Luke's response took no second thought. "Doesn't matter what time it is. I'll always be around." He was startled by his own response for a moment. As he walked out the door, he loosened his grip on the toolbox, satisfied that he got the last word. He made his way to his truck parked in the driveway, taking a deep breath to calm himself down.
He had missed his chance. Sure, he would always be around, but for what? This brought him out of his calm state and back to reality. He had the last word, but he wasn't the one standing in the foyer with her. Backing out of Lorelai's driveway, he couldn't help but wonder what things would be like if he was the one standing in the foyer with her. He gripped the steering wheel in a similar manner to the toolbox, trying not to let the idea that he lost his chance sink in.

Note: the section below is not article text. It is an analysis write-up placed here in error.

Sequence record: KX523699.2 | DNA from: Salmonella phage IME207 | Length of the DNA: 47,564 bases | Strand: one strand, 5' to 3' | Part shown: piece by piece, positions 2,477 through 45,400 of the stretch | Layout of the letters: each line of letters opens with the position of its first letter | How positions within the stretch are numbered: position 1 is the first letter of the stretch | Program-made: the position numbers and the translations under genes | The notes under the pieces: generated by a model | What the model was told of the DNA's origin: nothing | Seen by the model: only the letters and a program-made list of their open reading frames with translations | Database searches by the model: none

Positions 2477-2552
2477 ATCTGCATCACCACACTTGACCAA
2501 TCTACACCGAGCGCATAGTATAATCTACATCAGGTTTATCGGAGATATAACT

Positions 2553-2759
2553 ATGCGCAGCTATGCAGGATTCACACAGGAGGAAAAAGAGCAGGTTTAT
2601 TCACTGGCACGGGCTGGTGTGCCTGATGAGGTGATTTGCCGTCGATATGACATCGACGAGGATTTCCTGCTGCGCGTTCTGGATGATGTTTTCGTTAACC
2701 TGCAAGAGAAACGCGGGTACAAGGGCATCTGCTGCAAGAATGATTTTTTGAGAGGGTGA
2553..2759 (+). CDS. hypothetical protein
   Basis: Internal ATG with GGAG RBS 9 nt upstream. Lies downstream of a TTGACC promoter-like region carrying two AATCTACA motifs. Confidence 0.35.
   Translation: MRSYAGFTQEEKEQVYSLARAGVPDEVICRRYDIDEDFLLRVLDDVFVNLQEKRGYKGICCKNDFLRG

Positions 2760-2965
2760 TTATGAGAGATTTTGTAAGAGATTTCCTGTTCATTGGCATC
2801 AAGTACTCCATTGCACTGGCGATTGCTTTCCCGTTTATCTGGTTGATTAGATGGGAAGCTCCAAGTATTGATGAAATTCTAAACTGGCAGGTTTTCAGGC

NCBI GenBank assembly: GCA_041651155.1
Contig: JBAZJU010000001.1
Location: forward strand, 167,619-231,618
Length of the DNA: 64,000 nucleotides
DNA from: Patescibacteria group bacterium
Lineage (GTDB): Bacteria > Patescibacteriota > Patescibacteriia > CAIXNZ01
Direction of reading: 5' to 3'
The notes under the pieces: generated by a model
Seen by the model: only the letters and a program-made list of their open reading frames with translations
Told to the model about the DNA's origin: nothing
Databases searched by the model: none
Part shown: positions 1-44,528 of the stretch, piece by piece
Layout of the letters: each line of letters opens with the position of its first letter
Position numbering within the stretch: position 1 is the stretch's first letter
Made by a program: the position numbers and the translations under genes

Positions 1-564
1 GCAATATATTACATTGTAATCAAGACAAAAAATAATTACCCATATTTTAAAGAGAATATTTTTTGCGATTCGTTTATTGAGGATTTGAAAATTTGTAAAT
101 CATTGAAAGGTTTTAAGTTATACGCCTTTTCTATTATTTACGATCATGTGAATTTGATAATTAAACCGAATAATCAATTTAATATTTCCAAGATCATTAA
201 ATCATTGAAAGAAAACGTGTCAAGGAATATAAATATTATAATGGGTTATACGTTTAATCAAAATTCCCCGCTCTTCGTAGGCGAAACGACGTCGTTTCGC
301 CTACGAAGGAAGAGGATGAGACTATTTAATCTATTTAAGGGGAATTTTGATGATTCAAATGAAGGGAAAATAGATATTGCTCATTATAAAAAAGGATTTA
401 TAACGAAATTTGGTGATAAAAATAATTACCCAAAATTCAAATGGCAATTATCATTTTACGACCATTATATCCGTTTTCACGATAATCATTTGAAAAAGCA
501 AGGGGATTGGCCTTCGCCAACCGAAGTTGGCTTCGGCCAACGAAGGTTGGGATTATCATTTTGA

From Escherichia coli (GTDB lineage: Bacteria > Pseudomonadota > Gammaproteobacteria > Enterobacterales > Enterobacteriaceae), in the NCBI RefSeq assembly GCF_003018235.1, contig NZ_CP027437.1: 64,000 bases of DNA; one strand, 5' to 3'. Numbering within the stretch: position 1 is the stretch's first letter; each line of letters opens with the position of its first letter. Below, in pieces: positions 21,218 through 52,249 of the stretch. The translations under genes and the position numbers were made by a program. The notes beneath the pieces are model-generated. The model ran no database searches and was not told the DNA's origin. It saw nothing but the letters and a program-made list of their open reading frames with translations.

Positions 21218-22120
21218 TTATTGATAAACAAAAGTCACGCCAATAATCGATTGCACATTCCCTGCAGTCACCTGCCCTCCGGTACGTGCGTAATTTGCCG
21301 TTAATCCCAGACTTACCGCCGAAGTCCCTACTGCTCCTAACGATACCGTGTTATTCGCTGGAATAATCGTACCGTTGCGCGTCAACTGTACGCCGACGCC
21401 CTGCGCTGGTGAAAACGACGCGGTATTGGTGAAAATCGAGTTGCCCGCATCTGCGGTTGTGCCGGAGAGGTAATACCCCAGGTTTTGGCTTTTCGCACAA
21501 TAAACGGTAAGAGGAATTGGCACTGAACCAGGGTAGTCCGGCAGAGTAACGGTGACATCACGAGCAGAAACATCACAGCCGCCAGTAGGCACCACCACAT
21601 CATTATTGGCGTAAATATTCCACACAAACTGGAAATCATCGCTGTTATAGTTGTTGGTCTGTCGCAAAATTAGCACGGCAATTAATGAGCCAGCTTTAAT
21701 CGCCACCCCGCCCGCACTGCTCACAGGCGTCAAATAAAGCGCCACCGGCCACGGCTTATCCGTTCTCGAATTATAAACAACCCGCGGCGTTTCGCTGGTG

She could walk around the room and count each flower. But she didn't need to. Lorelai had no doubts that there would be exactly one thousand yellow daisies within the confines of the inn's lobby. The sea of yellow overwhelmed her at first. She wasn't sure what to think. What she should be thinking was quite obvious; what she was thinking, however, wasn't.
There were exactly one thousand yellow daisies. They were for her. He had proposed.
That should have made her feel happy. It should have made her feel overwhelmed with excitement. She should have felt like it was right, like it was real, like it was perfect. But as she looked out into the sea of yellow flowers surrounding her, she felt more alone than she had ever felt in her entire life.